Greece to hold election in September

Muddying the political picture in Greece, however, a parliament deputy speaker announced on Friday that far-left rebels in Syriza had broken away to form a new party with 25 lawmakers. He only managed to pass the program through Parliament with the help of opposition parties, as hard-liners in Syriza refused to support it, setting the stage for the split and the call for an election.


“The certainty is that the need for elections has arisen”, Energy and Environment Minister Panos Skourletis said on state television.

The election could hamper or delay a review planned for October of Greece’s progress under its new bailout programme and rekindle concerns about Athens’ ability to honour its pledges, Fitch ratings agency warned. Alexis Tsipras promised to overturn austerity and move Greece out of the troubled waters that it was in. German Bund yields fell as the prospect of snap elections in Greece increased demand for safe-haven assets, which were also buoyed by concerns about a deepening economic slowdown in China.

However, in a first reaction to the developments the leader of the main opposition conservative New Democracy party Vangelis Meimarakis said during an emergency press briefing that his party will make the utmost effort to avoid the polls for the benefit of Greek people. The New Democracy chief argued that Tsipras had resorted to holding a national election to deal with the rift in his party.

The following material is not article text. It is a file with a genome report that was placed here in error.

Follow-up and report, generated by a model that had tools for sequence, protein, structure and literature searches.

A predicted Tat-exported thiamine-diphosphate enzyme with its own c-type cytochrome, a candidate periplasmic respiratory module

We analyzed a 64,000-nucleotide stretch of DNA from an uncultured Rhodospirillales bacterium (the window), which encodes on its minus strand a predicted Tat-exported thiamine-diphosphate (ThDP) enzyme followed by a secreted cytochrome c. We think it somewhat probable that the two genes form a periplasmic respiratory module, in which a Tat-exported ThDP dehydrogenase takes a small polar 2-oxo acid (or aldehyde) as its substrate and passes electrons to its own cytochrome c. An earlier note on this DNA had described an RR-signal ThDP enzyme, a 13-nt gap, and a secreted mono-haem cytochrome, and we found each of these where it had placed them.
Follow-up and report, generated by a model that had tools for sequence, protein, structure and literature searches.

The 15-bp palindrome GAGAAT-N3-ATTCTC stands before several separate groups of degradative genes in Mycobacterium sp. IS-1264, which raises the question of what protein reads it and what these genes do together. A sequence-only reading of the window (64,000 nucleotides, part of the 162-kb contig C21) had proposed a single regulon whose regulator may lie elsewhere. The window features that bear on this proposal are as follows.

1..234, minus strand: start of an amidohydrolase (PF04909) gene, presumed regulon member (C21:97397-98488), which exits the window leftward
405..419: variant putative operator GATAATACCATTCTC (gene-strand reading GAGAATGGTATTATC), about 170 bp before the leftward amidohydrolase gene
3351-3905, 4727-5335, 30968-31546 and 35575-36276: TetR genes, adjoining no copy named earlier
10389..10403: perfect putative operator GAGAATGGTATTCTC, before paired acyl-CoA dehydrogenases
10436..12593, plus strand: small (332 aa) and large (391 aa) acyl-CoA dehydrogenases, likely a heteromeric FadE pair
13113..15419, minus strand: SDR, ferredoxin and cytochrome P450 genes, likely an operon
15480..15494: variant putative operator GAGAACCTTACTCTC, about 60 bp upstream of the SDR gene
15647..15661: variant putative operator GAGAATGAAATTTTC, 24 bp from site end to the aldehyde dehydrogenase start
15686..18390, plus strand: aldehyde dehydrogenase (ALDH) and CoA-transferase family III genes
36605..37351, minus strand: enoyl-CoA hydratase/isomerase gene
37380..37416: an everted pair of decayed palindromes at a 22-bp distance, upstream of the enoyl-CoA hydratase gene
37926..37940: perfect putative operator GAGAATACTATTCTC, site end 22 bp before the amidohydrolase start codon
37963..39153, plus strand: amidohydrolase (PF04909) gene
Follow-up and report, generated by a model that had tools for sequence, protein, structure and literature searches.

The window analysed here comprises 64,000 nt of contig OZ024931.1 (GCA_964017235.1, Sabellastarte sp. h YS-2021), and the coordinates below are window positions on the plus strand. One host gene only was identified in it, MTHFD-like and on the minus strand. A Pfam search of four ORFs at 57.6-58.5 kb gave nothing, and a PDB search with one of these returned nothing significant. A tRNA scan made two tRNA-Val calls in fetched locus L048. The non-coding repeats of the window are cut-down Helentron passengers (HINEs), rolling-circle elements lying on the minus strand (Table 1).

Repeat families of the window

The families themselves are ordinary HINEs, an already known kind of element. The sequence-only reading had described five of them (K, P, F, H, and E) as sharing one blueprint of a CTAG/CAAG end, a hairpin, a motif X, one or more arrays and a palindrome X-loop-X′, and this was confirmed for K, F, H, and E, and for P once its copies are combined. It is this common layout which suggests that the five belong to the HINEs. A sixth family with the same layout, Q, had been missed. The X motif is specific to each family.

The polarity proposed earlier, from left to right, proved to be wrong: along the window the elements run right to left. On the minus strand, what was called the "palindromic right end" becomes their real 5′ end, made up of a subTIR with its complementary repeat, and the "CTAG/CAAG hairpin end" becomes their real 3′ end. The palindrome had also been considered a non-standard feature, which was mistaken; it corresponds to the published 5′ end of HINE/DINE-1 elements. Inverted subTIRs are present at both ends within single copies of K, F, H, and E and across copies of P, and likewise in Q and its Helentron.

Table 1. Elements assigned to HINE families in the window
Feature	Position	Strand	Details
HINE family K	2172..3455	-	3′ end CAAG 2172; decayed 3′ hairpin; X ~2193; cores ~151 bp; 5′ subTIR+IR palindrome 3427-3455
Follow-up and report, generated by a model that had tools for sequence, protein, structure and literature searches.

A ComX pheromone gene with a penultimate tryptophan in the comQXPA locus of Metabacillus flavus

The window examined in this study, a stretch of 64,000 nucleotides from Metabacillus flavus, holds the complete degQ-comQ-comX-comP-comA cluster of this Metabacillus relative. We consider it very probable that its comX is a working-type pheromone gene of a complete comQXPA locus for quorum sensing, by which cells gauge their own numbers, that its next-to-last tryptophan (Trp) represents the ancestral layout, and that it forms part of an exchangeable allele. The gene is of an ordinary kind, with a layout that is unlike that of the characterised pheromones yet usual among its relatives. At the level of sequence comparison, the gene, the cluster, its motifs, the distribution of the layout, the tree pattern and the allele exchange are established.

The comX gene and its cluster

Even with a new government, Tsipras will have little room for manoeuvre on the austerity agenda imposed by Europe and the International Monetary Fund – creditors have said that Greece must swallow budget cuts and introduce reforms in exchange for the bail-out.

If they fail, the president then names a caretaker administration, usually under a senior judge, to hold early elections.

Greece’s European creditors did not appear dismayed by Tsipras’ move, which was widely expected.

“The country can not take more bailouts”, Mr Lafazanis told a news conference.

The all-clear came after the new bailout was approved by European parliaments, including the Bundestag of Germany.

Mr Lafazanis has led a group of dissident lawmakers in splitting from the outgoing Prime Minister’s Syriza party to contest a snap election which is expected next month.

A tumultuous summer in Greece could lead to an uncertain autumn as voters may have to decide who would best navigate the next phase of the country’s financial struggle.

He wants to overturn the bail-out, which took months to painstakingly negotiate, and to have most of Greece’s debt written off.


“This agreement provides perspective for the Greek economy and a basis for sustainable growth”, said Jeroen Dijsselbloem, the Dutch finance minister who chairs the so-called Eurogroup of eurozone finance ministers, vowing officials would monitor the process closely.

Greek Prime Minister Alexis Tsipras